One of the greatest opportunities that I have had over the past twenty-five years has been teaching a number of sociology classes at Suffolk Community College's Selden campus. Every semester I am blessed to have a cross section of college students who are bright, insightful and refreshing. Suffolk Community is probably one of the best-kept secrets in Suffolk County.
This semester I have a class of thirty-five college coeds who cross the generation line. They are ethnically and racially diverse. They are refreshingly open and honest with their opinions and viewpoints.
Recently, we were discussing the problems of the American family and possible recommendations on how to address those concerns. As a group, they raised all the traditional issues - drugs, alcohol, abuse, poor communication, divorce, problem children and a host of other issues.
What was profoundly missing from that conversation regarding the problems of the American family was comments about priorities, parenting skills and what kind of road map is given to people who are considering creating a family.
Many students seem stuck with a very idealized vision of family: Mom, Dad, two kids, a white picket fence and everyone lives happily ever after. Most people would concede that having a happily married Mom and Dad with little fiscal worry would be ideal. Unfortunately, based upon our culture, it is not very realistic.
Human dysfunction is everywhere. There are many single Moms and Dads raising children much more efficiently than the traditional two parent family. There are many blended families that are successful and healthy.
One's priorities are key to a healthy family. As a parent, what is important to you? What kind of time are you willing to invest in your children and creating a healthy living environment? Are things more important than people? What kind of consistent family traditions and rituals do you keep? Is family life a "catchers catch can" or a "make family happen on the run?"
As parents, we need to be willing to set reasonable limits and enforce reasonable consequences for non-compliance. "No" is not a dirty word, but rather one that needs to be uttered, especially during the painful adolescence years. We need to know who our children are hanging out with. We need to know which parents supervise house parties and which don't.
Socially, do your teenagers smoke pot and/or cigarettes? Do they drink on the weekends? Do you turn your head and pretend these behaviors don't exist or do you ask the hard questions and react responsibly?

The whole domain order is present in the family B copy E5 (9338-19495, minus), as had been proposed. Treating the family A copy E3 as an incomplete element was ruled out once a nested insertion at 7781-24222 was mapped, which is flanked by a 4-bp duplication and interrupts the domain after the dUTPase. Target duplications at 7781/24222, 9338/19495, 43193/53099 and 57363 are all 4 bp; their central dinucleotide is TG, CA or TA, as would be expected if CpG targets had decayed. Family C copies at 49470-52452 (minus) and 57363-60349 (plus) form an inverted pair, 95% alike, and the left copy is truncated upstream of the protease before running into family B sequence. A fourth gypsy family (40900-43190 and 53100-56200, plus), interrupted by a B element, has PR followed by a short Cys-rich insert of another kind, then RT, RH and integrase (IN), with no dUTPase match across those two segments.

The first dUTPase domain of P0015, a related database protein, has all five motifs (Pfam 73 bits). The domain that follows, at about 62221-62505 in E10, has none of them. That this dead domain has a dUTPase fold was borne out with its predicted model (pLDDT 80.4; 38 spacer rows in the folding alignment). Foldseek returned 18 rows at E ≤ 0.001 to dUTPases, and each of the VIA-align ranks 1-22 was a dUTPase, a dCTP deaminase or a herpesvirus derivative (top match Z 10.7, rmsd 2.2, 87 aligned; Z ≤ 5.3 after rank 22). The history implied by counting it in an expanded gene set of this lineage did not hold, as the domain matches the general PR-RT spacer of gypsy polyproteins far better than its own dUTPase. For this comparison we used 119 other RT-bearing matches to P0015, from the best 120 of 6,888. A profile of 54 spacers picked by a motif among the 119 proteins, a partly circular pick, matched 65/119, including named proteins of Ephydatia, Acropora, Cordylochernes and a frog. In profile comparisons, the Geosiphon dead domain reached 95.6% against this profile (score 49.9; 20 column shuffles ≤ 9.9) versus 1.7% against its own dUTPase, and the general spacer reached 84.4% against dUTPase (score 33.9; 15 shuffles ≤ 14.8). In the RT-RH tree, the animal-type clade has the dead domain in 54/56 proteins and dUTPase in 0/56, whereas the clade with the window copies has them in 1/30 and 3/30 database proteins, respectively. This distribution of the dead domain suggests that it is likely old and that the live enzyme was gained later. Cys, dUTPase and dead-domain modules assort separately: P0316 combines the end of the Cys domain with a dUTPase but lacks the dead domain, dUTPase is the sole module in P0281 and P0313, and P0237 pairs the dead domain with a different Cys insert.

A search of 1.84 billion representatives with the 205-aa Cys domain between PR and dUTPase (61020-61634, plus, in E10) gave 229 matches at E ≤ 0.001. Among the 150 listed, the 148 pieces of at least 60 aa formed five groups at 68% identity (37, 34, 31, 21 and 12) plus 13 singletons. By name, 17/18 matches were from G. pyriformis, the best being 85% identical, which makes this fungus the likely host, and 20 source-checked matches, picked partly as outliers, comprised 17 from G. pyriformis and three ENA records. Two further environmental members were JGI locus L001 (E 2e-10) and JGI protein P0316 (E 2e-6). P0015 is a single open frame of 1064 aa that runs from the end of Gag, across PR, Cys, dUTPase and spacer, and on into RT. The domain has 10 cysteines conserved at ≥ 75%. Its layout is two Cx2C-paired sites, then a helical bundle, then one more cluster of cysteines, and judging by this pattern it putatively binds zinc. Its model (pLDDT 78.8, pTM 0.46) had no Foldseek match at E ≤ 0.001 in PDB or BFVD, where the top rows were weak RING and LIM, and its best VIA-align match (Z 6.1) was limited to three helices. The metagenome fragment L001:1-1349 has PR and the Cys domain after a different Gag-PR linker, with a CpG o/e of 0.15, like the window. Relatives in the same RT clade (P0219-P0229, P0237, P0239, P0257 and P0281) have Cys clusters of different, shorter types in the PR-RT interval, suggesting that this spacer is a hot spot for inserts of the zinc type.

What are appropriate limits and expectations for teenage behavior? Should your children be home most nights for a family dinner? Are underage smoking and drinking behaviors that you should just tolerate and hope that they are "just phases" your teenager is passing through? What is part of growing up and what is behavior that has crossed the line? How do you decide? When do you know it is time to intervene?
These are all hard questions, but questions that must be considered. As parents, we need to respond. Unfortunately, we were never given a handbook or a road map to guide us. Most of us have learned by trial and error and the school of hard knocks.
Some parents have chosen not to learn. They have elected to let their children find their own way. It is more important to be friends than to set standards and parent one's teenager in a positive way.
Family life in America is deteriorating because many of us are ill equipped to face the challenges of modern parenting. Being an effective parent takes time, effort and extreme openness. Life today is very demanding, ever changing and challenging.
As parents, we need to model what we want our children to embrace. If family life, however we define it, is important, we need to live it. If eating together is an important family ritual, then as a parent you need to show up and demonstrate that it is an important value.
Communication is a vital variable in every family. If we want our children to be open with us, we need to be open with them. We need to model positive communication and respect with our spouse.
Our children are not born with these skills. They learn these skills as they grow, if they are exposed to them. They cannot learn what they do not see or experience.
So many parents will say to me that they believe this present generation is immoral. I don't believe they are immoral. I believe they are amoral. Immoral means you know right from wrong and do wrong purposefully. Amoral means you really don't know right from wrong.
How do you hold a teenager accountable for responsible decision making when all he or she sees around him or her is recklessness?
It was fascinating to listen to those college coeds talk about family life, child rearing and holding one's children accountable for their social behavior. We talked about what influences behavior and how we might protect our children from falling off the "crazy cliff" of life.
What I realized once again is that there is no clear road map or handbook for effective parenting. However, what did emerge is that we need to do more with our children early on. We need to educate them about positive, healthy interpersonal relationships and we need to expose them to positive role models.
We have to do a better job of preparing young people for marriage. Whether they are religious or not, whatever we are doing is failing miserably since one out of two marriages ends in divorce within the first five years.
As parents, as adults, as community members, we don't talk enough about these vital life issues in a way that is not grounded in confrontation, shame, blame and guilt. These are our children, our national treasure. We are cheating them because they are ill prepared to meet the challenges of adult life living in a narcissistic world.
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